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Johnsplaining

John Oliver says fentanyl is dangerous but not 'smallpox,' and we should help drug users live, not die

"Our main story tonight concerns drugs," John Oliver said on Sunday's Last Week Tonight, showing and laughing at an anti-drug PSA. "But despite those very compelling arguments, millions upon millions of Americans still use illicit drugs, and it is easy to see why: Drugs can be a lot of fun. Some, in fact, can be so much fun they end up ruining your f---ing life."

"The fact is, street drugs are an absolute mess right now," because "they've become so contaminated," overdose deaths have skyrocketed, Oliver said. "And the rise in overdose deaths has been driven by the presence of one drug in particular, fentanyl." 

Oliver first pointed out that, contrary to what you might hear from police departments or on Blue Bloods, you cannot overdose from just touching fentanyl and you would need to stand in "a wind tunnel with massive amounts of fentanyl to accidentally inhale enough to OD." And since fentanyl isn't actually, "smallpox in a bottle," he said, "it frankly makes much more sense to focus on how to protect those genuinely at risk over overdosing on it, and that is the people taking it." He pivoted to harm reduction.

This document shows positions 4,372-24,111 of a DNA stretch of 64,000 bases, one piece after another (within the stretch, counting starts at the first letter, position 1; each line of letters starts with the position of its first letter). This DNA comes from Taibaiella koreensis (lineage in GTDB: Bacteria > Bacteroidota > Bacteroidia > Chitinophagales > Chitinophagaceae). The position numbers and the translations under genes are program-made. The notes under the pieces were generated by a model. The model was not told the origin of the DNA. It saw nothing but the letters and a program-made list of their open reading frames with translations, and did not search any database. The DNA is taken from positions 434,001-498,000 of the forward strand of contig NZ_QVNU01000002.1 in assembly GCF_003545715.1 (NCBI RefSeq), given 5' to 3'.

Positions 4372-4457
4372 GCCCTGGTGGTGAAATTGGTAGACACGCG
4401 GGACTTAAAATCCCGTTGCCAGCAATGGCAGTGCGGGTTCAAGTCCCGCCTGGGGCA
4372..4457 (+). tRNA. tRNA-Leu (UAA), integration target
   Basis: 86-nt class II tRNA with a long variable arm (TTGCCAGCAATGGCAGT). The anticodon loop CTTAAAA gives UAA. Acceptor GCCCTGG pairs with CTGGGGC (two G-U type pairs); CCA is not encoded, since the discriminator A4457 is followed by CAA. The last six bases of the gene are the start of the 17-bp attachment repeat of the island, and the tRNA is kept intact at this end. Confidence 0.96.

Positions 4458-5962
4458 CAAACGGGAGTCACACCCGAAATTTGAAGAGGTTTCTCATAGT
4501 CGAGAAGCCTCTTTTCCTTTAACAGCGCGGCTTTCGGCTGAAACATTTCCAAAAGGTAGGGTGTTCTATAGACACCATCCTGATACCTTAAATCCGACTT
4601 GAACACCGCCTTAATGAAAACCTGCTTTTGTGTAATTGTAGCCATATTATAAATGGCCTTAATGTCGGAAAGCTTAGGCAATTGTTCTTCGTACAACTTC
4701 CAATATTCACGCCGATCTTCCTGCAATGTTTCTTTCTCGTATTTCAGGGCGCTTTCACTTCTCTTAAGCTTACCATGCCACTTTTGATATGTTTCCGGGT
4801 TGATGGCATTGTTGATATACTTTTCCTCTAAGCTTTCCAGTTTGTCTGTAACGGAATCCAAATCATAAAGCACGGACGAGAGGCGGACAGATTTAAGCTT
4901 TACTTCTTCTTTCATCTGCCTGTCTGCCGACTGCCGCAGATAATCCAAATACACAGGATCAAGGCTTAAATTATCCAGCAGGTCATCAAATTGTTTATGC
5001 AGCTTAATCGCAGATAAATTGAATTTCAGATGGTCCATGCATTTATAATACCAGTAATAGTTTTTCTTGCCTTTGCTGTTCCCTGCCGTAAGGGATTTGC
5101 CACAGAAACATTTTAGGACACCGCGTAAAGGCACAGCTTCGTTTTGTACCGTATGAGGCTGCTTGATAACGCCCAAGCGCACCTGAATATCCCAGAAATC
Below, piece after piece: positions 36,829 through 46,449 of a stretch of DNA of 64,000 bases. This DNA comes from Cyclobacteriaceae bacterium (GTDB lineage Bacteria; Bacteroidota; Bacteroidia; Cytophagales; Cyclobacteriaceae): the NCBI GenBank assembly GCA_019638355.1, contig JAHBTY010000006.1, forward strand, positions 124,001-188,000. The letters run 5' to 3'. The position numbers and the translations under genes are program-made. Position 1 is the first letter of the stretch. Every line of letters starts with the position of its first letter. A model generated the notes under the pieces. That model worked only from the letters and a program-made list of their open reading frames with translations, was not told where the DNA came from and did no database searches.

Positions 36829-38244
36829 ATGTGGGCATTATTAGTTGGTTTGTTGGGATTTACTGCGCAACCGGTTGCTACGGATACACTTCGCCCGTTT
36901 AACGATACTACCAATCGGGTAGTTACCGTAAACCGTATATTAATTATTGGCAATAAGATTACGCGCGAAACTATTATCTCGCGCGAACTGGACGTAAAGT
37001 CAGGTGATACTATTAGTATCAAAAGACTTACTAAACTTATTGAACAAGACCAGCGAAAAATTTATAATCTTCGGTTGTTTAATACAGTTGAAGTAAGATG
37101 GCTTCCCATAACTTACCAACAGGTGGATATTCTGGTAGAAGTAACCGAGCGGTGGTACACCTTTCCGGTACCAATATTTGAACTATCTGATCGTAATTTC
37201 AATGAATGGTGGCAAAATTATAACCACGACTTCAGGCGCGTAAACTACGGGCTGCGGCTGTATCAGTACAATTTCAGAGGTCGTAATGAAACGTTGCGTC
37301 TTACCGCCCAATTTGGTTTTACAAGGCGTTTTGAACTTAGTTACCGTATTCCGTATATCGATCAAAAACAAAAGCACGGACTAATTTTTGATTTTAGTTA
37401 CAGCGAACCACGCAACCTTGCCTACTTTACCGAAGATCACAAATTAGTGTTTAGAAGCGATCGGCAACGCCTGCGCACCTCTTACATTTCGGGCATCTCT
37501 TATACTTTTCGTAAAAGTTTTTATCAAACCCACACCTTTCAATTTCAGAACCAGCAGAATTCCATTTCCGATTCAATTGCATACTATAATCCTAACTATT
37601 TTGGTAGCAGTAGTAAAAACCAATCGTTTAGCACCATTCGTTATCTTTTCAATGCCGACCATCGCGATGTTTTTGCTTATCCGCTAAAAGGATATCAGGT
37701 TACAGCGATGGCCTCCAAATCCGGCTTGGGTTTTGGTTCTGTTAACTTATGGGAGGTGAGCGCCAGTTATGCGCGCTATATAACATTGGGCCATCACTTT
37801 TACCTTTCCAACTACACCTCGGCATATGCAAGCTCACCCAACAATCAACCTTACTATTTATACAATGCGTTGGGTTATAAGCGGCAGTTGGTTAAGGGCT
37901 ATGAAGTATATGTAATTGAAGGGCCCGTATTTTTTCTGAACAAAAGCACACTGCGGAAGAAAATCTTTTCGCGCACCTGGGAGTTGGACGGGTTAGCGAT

"Essentially, harm reduction accepts the reality that people will use illegal drugs and that some either can't or don't want to stop, so rather than arrest them, we might be better off trying to mitigate the damage done," Oliver said. He ran through some tried-and-true harm reduction tools — drug testing, naloxone (Narcan), overdose prevention centers (or supervised injection sites) — and the barriers the U.S. has put up to prevent people and communities from using them.

"So often, the problem facing all harm reduction programs is that people are so angry with those who use drugs they want to try and punish them into abstinence," Oliver said. "But that is not how any of this works." The Biden administration should do more, "but we all need to get on board here. Our ingrained stigmas around drugs and the people who use them run really deep. And if we really want to minimize death and keep people safe," he said, "we need to meet people where they are, help them transition into safe drug use to stay alive, and remove barriers for those seeking addiction treatment" — because right now, America's de facto drug policy is taking away everything from drug users so they use until they die.